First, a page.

In the paper covering their research, Hong and Huang also noted that local ties could be a deterrent to moving for a new job, and another reason people would look for work online. “Depending on the life stage of the worker, relocation may involve selling and buying a house, a spousal job search, moving children to a new school and so on,” they wrote. “These are actions that are costly from both financial and social perspectives.”

The last variable the researchers evaluated was broadband access in the county. If it was high, it increased online labor market participation.

While all the above factors either amplified or decreased a county’s gig–economy workforce, unemployment was the big predictor of how workers would answer the question “to gig or not to gig.”

“We estimate that a 1% increase in county unemployment is associated with a 21.8 increase in the volume of county residents actively working online at the platform,” Huang, Wong, et al. noted in their research paper.

Online labor platforms “serve as a buffer for job loss,” says Hong. “It’s sort of a worker’s unemployment insurance.”

Hong also thinks people also use the gig economy to augment inadequate earnings, and other research indicates he’s right.

A 2016 study by the JPMorgan Chase Institute found that more than half of all U.S. workers experienced month–to–month fluctuations in income of 30%, and almost all that fluctuation occurred within the same job. The Chase Institute’s research also showed that access to on–demand work helped workers with that unpredictable income avoid debt.

What’s more, studies indicate that many in the workforce lack earnings stability and adequacy. The Brookings Institution, a century–old research group in Washington D.C., looked at 350 metropolitan areas in the U.S. and found that in 2019, 44% of all workers age 18 to 64 were holding down low–wage jobs. The workers’ median hourly wage was $10.22, and their median annual income was $17,950.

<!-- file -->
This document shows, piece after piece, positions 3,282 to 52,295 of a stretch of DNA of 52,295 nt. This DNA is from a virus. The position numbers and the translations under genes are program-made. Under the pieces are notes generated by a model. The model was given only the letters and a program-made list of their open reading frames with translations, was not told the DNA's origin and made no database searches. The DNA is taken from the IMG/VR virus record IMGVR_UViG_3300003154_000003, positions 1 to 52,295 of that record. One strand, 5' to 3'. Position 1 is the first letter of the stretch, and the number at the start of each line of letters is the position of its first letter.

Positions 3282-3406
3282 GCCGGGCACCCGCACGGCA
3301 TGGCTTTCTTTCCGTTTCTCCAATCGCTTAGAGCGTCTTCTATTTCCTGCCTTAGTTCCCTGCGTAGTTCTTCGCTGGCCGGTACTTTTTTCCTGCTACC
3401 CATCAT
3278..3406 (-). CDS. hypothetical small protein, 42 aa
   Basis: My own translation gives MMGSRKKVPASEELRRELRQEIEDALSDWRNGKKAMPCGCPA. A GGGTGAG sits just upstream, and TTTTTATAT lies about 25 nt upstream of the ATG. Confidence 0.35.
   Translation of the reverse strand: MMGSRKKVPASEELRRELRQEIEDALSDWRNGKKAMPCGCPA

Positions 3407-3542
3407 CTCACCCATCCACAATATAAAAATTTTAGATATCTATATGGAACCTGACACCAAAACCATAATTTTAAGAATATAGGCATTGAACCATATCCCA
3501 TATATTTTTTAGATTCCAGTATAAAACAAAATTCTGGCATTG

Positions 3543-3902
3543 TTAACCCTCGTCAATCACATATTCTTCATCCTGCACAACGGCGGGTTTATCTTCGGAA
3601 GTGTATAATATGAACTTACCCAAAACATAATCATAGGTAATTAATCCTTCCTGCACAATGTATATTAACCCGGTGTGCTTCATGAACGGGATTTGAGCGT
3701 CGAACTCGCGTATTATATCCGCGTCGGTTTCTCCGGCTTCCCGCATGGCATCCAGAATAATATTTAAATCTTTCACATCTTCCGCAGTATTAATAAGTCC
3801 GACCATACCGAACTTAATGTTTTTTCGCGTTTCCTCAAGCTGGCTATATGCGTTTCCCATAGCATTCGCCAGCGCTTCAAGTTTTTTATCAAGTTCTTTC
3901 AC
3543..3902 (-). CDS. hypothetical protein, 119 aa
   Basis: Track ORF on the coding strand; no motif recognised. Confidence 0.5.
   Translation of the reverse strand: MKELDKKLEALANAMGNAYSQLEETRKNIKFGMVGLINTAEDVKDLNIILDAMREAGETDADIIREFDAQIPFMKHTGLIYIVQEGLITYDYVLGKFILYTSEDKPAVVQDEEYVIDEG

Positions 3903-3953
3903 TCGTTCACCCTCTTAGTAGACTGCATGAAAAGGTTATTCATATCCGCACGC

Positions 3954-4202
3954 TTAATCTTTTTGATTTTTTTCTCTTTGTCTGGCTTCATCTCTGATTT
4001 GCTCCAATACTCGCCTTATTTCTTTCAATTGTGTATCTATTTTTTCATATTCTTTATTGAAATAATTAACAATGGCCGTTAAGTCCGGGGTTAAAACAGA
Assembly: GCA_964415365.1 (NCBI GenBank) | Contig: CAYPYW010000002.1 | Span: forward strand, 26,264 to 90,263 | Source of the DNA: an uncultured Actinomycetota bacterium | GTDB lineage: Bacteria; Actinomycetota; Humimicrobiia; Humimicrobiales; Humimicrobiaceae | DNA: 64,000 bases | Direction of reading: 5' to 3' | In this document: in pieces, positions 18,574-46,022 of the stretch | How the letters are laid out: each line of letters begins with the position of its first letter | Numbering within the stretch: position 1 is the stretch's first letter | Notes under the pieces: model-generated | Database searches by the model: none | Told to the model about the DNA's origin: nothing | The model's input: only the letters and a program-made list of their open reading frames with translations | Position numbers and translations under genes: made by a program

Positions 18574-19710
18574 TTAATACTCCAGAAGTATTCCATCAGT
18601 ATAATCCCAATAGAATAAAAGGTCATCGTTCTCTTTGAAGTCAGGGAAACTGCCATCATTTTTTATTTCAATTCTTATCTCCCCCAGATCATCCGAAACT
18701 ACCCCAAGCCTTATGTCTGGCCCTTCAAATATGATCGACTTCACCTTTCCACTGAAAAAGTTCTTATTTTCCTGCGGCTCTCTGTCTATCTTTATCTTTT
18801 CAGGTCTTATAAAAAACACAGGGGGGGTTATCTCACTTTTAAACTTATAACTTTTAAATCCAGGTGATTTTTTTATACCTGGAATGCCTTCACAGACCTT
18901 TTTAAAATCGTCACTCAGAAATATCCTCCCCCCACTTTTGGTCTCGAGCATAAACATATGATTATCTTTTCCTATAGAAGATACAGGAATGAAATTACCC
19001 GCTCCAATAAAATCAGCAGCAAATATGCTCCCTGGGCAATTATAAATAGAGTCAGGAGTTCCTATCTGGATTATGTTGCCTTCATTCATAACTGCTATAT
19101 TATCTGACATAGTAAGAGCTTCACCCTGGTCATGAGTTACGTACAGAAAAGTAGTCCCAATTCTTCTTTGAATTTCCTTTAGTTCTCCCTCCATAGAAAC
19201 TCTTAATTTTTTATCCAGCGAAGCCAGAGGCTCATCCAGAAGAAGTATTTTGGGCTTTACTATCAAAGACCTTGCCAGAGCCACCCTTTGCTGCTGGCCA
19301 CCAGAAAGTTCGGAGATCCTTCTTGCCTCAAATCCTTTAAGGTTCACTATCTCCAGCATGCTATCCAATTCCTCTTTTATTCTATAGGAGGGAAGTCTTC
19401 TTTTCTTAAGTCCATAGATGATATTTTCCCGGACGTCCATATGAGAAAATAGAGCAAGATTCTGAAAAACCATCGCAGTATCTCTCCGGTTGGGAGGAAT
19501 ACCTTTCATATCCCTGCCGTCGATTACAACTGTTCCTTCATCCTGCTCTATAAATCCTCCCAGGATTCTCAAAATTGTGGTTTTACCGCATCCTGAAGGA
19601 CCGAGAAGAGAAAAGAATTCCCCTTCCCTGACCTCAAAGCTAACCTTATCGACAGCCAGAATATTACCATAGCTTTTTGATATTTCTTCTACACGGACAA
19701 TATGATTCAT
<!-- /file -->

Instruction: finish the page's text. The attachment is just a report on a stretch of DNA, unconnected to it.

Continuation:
The economy looks good when you look at headline statistics on the low unemployment rate in the U.S., but the other thing is that income is also low.

Yili (Kevin) Hong, associate professor of information systems

And, chances are, even people with higher–paying jobs struggle with the numbers. Between November 2018 and November 2019, average hourly earnings rose a meager 1.1%, according to the Bureau of Labor Statistics. In the year that ended December 2019, inflation rose 2.3%, U.S. Labor Department data shows. That’s up from 2.1% the year before. Inflation is outpacing average wage increases.

Meanwhile, platforms like Uber provide an easy way for workers to boost their income. According to a study conducted by the National Bureau of Economic Research, only 18% of Uber drivers drive for 30 or more hours per week. One in five drivers will chalk up zero hours in a week, and almost two thirds (60%) work fewer than 10 hours each week. This indicates that for most of the drivers, Uber is supplemental income.

It’s valuable income, too, says Hong. “Some people think that workers using online labor platforms are worse off, but the data say otherwise,” he notes. “An Uber driver makes more than someone working for minimum wage, and platforms like Uber help people in the low–skilled workforce because driving doesn’t require a lot of skills.”

Looking at his research, Hong is convinced online labor platforms serve as a buffer for job loss and a low–barrier way for workers to easily gain some extra cash. That’s why he thinks California’s AB5 — and pending legislation like it coast–to–coast — is not necessarily in workers’ best interest. For between–jobs periods and for extra income that makes the difference between paying bills or adding to debt, Hong sees significant value in online gig–economy employment venues. “They are doing society a huge service because sometimes it’s extremely difficult for people to find a job,” he says.

By Betsy Loeff